The ‘R’ Word

Writing historical novels has one major drawback – the ‘R’ word.

 Research.  Because however well you think you can write, unless you immerse yourself completely in the period it’s impossible to get characters absolutely right. The way they act. They way they interact. They way they eat; drink; sleep, even. And even though you may decide they will speak in what we might consider ‘modern’, language, how did they talk to one another?

 You see, major events are relatively easy to find out about; they may even be generally well known. But it’s the small things that make stories come alive. How do you load a pistol with powder and ball?  How long does it take? What covering was used on the floor of a peasant’s house in 1800? What in the house of a Duke?  And how would a footfall sound on each, in darkness?

 So you have to read. And often you have to read pretty obscure texts. Diaries. Letters. Pamphlets. Books so long out of print your local library will laugh uproariously when you ask for them.

 I’ll give you an example. The Napoleonic Wars have probably been written about more than any other conflict in history. But the cavalry of that time suffered a bad press, so books about them are relatively few. But many of the tactics used then are based on 18th century Prussian cavalry manoeuvres, and I was lucky enough to come across a reprint of Major General Emanuel Von Warnery’s 1798 treatise ‘Remarks on Cavalry’: on Ebay, of all places.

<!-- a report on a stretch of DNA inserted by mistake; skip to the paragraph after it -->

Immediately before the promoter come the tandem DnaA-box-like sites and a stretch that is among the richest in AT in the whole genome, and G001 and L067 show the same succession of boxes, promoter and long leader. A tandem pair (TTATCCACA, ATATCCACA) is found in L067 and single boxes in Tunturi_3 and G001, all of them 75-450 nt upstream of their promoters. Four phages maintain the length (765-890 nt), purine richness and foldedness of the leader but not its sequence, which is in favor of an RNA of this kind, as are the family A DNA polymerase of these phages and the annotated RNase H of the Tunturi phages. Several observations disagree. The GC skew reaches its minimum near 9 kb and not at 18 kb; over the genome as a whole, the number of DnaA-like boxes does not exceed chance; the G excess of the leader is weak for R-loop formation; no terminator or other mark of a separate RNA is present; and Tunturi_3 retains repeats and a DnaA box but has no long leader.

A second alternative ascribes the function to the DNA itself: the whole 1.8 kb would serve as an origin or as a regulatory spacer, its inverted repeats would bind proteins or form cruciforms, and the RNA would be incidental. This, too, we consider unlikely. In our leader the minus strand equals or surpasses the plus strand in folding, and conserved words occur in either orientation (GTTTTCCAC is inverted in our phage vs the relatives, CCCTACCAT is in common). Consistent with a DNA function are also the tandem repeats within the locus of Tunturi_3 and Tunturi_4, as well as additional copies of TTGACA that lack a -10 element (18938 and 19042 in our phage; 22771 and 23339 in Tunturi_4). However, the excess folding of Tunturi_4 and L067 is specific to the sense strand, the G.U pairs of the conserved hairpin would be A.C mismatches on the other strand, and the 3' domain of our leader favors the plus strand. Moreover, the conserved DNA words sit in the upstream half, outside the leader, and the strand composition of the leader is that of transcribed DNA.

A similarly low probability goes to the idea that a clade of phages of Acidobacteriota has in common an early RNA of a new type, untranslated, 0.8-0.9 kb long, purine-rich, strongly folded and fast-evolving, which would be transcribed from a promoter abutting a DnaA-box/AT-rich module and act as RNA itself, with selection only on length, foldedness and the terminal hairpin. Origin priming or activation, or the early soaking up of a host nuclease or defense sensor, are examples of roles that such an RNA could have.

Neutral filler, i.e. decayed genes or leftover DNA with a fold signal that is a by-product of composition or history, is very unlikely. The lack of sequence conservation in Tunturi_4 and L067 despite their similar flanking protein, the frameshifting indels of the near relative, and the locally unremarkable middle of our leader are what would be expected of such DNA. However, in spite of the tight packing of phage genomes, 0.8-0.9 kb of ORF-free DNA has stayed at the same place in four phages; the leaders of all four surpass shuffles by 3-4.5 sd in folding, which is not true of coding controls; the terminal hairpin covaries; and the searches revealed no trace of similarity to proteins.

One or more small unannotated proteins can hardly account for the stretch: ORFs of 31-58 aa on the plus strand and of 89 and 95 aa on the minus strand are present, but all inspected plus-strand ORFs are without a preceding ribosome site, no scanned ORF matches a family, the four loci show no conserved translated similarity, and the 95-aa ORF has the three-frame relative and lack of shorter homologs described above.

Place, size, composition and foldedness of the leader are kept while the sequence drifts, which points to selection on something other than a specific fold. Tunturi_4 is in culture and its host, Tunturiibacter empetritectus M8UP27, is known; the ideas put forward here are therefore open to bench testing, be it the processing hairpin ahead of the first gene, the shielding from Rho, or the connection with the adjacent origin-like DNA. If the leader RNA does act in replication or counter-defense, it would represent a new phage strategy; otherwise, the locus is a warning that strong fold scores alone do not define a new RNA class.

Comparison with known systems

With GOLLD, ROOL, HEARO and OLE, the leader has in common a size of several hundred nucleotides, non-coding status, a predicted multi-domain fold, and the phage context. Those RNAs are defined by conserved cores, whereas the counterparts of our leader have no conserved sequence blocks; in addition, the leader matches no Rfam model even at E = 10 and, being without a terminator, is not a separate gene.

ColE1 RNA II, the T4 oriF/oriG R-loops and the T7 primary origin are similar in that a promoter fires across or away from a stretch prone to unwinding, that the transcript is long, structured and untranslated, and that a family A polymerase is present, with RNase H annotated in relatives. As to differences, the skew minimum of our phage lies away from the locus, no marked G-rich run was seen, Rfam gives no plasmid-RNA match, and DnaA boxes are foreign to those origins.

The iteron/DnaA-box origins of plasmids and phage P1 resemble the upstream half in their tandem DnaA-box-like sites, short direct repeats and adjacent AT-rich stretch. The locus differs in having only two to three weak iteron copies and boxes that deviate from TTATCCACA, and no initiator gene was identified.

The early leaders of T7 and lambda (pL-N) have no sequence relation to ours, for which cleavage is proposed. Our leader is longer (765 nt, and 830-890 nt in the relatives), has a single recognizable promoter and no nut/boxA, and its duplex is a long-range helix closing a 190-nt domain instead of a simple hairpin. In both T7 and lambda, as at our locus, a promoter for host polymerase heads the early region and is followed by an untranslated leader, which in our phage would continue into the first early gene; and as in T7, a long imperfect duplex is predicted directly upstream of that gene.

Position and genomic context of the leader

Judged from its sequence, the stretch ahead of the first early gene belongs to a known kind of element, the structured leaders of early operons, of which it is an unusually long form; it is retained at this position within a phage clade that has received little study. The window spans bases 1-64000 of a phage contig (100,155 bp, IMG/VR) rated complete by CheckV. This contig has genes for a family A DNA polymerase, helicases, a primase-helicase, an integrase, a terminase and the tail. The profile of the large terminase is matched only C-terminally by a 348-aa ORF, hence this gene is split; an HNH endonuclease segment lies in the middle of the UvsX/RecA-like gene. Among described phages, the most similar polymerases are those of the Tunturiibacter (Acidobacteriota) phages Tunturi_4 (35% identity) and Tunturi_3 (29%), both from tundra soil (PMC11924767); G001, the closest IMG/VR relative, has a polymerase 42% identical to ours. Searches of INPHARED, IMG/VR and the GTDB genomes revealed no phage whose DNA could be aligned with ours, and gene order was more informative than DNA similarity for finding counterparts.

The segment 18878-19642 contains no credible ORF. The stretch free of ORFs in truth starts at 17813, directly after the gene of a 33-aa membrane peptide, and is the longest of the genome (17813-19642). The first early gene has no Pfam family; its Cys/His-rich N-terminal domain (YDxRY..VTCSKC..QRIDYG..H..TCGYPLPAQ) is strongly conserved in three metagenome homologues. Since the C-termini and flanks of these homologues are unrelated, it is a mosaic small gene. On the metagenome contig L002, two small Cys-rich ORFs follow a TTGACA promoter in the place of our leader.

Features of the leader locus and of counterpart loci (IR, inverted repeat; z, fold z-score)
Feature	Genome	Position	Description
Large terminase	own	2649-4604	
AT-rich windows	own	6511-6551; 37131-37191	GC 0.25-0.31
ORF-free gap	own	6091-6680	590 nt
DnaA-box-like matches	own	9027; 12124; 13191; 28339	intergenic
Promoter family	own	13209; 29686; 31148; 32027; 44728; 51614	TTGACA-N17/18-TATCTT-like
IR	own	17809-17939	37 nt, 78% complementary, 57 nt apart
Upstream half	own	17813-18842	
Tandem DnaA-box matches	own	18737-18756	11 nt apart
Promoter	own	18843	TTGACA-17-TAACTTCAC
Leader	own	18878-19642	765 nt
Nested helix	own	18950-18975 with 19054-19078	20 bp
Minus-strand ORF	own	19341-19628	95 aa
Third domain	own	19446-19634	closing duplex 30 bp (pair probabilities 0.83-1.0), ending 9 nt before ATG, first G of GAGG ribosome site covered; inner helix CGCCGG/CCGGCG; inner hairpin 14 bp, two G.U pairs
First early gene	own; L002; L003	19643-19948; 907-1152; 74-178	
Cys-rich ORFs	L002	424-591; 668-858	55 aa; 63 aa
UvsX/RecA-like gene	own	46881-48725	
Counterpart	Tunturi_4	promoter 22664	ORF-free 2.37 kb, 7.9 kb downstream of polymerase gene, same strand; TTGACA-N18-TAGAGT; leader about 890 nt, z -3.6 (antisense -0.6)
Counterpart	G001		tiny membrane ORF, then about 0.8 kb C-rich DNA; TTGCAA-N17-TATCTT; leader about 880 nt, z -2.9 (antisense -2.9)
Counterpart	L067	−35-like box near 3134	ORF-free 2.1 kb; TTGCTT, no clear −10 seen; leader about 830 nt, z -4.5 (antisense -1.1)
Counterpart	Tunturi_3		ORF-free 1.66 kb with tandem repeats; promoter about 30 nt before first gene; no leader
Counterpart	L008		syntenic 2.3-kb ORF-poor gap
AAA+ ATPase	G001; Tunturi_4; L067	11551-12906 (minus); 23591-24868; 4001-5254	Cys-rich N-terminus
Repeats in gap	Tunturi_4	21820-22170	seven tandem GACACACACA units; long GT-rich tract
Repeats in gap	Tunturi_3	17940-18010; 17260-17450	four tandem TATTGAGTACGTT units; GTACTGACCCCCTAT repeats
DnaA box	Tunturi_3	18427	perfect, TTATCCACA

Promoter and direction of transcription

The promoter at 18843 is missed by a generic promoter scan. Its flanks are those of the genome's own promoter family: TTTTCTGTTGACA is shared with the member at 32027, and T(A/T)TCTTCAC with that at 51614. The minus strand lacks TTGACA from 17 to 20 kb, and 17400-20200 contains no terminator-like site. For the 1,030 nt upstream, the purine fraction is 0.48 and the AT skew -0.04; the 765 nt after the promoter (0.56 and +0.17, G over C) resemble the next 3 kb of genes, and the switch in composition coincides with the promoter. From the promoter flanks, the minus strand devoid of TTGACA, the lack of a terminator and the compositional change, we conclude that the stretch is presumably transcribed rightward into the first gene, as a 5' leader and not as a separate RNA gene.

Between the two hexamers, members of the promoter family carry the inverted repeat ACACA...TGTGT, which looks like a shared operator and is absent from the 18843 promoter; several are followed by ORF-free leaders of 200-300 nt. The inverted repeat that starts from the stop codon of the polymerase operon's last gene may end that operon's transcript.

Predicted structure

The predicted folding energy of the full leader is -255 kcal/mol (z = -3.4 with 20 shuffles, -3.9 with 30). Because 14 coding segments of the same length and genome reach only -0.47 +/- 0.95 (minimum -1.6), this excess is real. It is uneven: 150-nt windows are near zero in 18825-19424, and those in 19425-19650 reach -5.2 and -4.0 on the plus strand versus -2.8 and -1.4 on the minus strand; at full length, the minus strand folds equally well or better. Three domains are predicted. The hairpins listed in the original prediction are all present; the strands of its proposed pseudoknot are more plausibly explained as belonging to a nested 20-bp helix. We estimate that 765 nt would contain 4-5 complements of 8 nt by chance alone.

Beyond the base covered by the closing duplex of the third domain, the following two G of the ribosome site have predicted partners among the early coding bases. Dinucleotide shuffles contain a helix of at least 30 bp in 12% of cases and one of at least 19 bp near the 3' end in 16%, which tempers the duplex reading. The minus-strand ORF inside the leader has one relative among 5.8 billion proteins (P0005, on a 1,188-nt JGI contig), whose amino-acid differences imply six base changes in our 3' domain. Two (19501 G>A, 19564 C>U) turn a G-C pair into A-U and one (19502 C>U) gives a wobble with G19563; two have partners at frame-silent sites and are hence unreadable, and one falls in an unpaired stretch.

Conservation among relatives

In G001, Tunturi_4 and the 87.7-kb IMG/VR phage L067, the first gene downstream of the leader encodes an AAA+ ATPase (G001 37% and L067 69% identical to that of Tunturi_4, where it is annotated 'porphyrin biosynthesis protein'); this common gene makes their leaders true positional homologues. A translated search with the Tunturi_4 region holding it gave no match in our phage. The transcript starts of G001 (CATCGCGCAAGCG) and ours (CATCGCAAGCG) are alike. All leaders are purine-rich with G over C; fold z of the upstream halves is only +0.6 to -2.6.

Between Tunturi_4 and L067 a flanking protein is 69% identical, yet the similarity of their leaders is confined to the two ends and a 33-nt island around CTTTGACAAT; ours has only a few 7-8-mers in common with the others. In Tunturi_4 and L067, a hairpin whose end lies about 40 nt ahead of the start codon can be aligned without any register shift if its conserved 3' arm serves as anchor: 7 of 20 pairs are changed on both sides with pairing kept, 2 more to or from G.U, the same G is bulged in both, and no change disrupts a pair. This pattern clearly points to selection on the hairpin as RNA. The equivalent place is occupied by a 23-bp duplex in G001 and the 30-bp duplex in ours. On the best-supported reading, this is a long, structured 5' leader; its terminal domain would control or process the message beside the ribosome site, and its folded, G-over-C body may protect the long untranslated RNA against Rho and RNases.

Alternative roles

There’s just one problem. The reprint uses the original, old-fashioned typeface where ‘s’ is printed as ‘f’. Thus we have ‘Pruffians’, ‘Huffars’ and sentences like ‘A fquadron ought to be often exercifed without faddles…’ Try reading that aloud without it sounding as if you’ve had one too many after closing time!

 

So that’s what I’ll be doing tonight. The ‘R’ word.

 Reading, instead of ’riting.

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~ by cavalrytales on May 11, 2010.

2 Responses to “The ‘R’ Word”

  1. Oh is this ever true. But then my question is…how much is too much as oh say. “The Tribune Laticlavius spoke to the Primus Pilus about the new miles and speculatores that arived at the principia that afternoon.” Would a reader want to throw a book down if this use of Roman terms continued through the book? Would a reader who simply loved history but didn’t know Roman Legions scream? Sure the Roman reenactor would love and understand easily. But then this reenactor would be frustrated if you use the simpler terms as “The tribune spoke to the first centurion about the new recurits and the spies that arrived at headquarters that afternoon.”
    So, how much is too much or not enough to the readers?
    Happy Reading Researching and ‘Riting…the new RRR’s
    J

    Like

    • Ah…the eternal conundrum.
      I have two rules:
      (i) Dont underestimate your readers intelligence – they had the good sense to buy your book!
      (ii) Offer an explanation somewhere that isn’t ‘in-your-face’ eg. ‘ The cavalryman picked up his dolman and pulled on the short jacket, fiddling its braid loops over the row of buttons that ran from his waist to his throat…’ or ‘Voce e matado, Lock said, loudly enough for everyone to hear, and he smiled, ‘You’re dead!’
      Well, that’s how I deal with it, rightly or wrongly. Must admit that I find novels where I have to look something up before I can carry on a bit frustrating.

      Jonathan

      Like

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